But City barely had another defensive lapse all game and midfielders Paul Carden and man-of-the-match Stewart Drummond made some confident challenges and passes throughout the afternoon. It was as if the team had made a New Year resolution to confine the ‘hoofball’ to the bin.

Chester continued to pressurise the Scunthorpe half and within 15 minutes, got their reward. Carden passed the ball to Drummond, who made an excellent cross which Kevin Ellison had no trouble side-footing home under Scunthorpe ‘keeper Paul Musselwhite.

City were now on the up and kept the momentum going with a couple of corners soon after, but both were cleared by Iron defenders. Former City player Andy Crosby gave a solid performance all afternoon in the Scunthorpe back-line.

The Humbersiders’ best chance to score again came when their leading scorer Paul Hayes broke free, with only Brown to beat. But as the Chester ‘keeper bore down on him, he snatched at his shot and it went right past the post. Scunthorpe had another chance as the first half drew to a close when they won a dubious free-kick. But justice was done when the shot sailed well over the bar.

The second half carried on in much the same vein. Carden had the chance of a scrappy shot inside the first few minutes and Michael Branch, who looked off the pace most of the game, was unlucky to be caught offside not long afterwards.

A controversial moment came when there was a break in the play and Scunthorpe’s Torpey decided to jump up and fall down as if he’d been pushed by a City defender. He even pleaded to the nearby linesman. The officials were having none of it, but failed to book him for blatantly feigning a foul.

By this stage the Blues fans were singing towards the away terrace: “Any old iron, any old iron, any, any, any old iron?”. The Scunthorpe supporters must be as amazed to hear that as we are whenever opposition fans chant: “You’re Welsh and you know you are”.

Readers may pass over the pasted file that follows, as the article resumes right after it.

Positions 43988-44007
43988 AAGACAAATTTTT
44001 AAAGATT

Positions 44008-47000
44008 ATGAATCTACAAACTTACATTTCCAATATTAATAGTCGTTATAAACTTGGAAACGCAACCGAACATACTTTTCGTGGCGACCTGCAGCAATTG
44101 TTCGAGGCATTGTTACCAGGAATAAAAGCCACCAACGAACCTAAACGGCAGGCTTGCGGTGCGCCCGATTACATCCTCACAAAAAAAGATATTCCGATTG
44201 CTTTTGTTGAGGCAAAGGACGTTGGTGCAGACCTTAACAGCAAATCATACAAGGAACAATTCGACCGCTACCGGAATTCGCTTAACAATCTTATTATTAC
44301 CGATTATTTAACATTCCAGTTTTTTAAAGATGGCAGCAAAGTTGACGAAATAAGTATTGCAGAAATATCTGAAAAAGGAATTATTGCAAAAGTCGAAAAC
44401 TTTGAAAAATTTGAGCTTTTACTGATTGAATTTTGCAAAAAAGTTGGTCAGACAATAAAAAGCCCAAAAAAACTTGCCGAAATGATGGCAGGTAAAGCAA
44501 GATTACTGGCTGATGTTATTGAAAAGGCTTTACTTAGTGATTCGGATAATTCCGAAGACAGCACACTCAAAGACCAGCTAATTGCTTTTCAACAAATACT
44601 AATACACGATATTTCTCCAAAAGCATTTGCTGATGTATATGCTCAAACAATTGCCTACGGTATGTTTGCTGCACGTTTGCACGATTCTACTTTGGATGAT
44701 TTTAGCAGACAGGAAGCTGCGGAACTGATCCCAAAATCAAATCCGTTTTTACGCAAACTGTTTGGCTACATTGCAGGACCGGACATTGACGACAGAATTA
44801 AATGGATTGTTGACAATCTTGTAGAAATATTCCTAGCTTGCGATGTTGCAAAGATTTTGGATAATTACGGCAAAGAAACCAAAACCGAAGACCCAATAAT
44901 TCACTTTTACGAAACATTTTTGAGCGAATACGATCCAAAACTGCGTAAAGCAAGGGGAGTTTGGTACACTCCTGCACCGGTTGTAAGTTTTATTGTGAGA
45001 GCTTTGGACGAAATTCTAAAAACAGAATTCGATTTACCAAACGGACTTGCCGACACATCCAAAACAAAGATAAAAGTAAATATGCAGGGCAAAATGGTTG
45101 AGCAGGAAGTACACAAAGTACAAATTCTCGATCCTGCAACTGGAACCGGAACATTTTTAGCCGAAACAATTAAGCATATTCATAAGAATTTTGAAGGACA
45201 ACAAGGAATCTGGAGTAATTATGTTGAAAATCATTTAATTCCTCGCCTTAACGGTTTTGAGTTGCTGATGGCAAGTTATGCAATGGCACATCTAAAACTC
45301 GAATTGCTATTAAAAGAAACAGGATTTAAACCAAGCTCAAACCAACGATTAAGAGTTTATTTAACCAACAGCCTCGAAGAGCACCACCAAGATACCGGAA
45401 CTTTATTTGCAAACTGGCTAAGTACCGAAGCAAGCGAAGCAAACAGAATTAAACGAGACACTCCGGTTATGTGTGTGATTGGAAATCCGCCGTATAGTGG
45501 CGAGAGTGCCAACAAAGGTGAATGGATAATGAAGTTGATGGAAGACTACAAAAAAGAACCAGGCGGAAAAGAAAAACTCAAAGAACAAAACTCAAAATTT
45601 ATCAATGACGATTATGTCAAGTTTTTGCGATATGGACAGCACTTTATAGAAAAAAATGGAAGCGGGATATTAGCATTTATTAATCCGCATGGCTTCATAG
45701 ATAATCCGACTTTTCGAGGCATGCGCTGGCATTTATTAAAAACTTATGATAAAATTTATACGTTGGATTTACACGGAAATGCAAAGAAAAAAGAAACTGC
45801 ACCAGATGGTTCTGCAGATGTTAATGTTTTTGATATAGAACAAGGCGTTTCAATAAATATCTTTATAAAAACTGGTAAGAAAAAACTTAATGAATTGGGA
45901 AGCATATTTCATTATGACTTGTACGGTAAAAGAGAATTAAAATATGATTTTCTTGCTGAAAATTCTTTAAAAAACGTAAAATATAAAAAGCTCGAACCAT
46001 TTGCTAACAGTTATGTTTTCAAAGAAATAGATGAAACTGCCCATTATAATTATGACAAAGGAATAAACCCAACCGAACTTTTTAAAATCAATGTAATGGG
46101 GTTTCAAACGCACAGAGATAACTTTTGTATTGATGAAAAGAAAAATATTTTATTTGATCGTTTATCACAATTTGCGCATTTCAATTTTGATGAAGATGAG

Chester’s new long-throwing weapon emerged in this game as loan player Ian Hillier replaced Cortez Belle as chief chucker. He made some long throws into the danger area, but none quite resulted in any real scoring opportunities.

With half an hour still to go, Chris MacKenzie came on in goal for Brown. He must have caught a knock at some stage and limped his way off the park. MacKenzie put in a solid substitute performance, apart from a couple of kicks which went straight into touch.

City continued to push ahead and looked most likely to pick up the three points when Ellison jinked his way into the Scunthorpe area. He went down in the box when challenged by a Scunny defender. I’ve seen many a penalty given in similar circumstances, but not today and ‘Super Kev’ ended up being booked for protesting. He had another half chance to score with a 20-yard strike as Chester carried on pushing forward. But his shot went over the bar.

Ian Rush made another substitution on the 78th minute when Michael Brown, on loan from Preston North End, came on in place on Ben Davies, who’d had another ‘so-so’ game. Brown looked lively and made a couple of strong runs into the box.

It still seemed likely City might score in the dying minutes. Carden was fouled with two minutes to go, resulting in a booking for Scunthorpe’s Matthew Sparrow. But the free-kick, taken by Ellison, was well away from the target.

Even when the linesman signalled there were just two extra minutes to play, the Blues supporters still felt there was chance to score. But it wasn’t to be and as most City fans seemed to have anticipated a defeat before the game, it was a reasonable Christmas bonus to walk away with a point.

If Chester carry on playing like this, then we can be certain of mid-table obscurity by the end of January 2005 – and let’s be honest, the League Two comfort zone was all we would have wished for when we made our New Year wishes this time last year.

Sue Choularton

Friday 17 December 2004
Southend United 1 Chester City 0
League Two
Attendance: 4,837 Half Time 0-0
Booked: Harris, Carden.

Southend United:
Griemink, Hunt, Prior, Barrett, Wilson, Pettefer, Bentley, Maher, Gower (Bramble 66), Gray, Eastwood (Dudfield 71). Subs not used: Nicolau, Edwards, Jupp.
Chester City: Brown, Harris, Bolland, Bayliss, Hillier, Drummond, Carden, Davies (Vaughan 75), Hessey, Belle, Branch (Booth 15 (Rapley 84)). Subs not used: MacKenzie, McIntyre.
Referee: P.Prosser (West Yorkshire).

There’s many a time I’ve heard Chester fans coming away from matches grumbling about “defeat being snatched from the jaws of victory”. Well, this game was a prime example of defeat being snatched from the jaws of a draw.

As the 100 or so Blues fans trooped out of Roots Hall, the chat this time was about the few plus points we’d seen – the performance of the two Luton loanees, a couple of top-class saves by Wayne Brown, Rob Booth’s ability to take opponents on, the continued consistency of captain Paul Carden and a solid display by Phil Bolland. Oh, and there were even moments when City played the ball on the deck.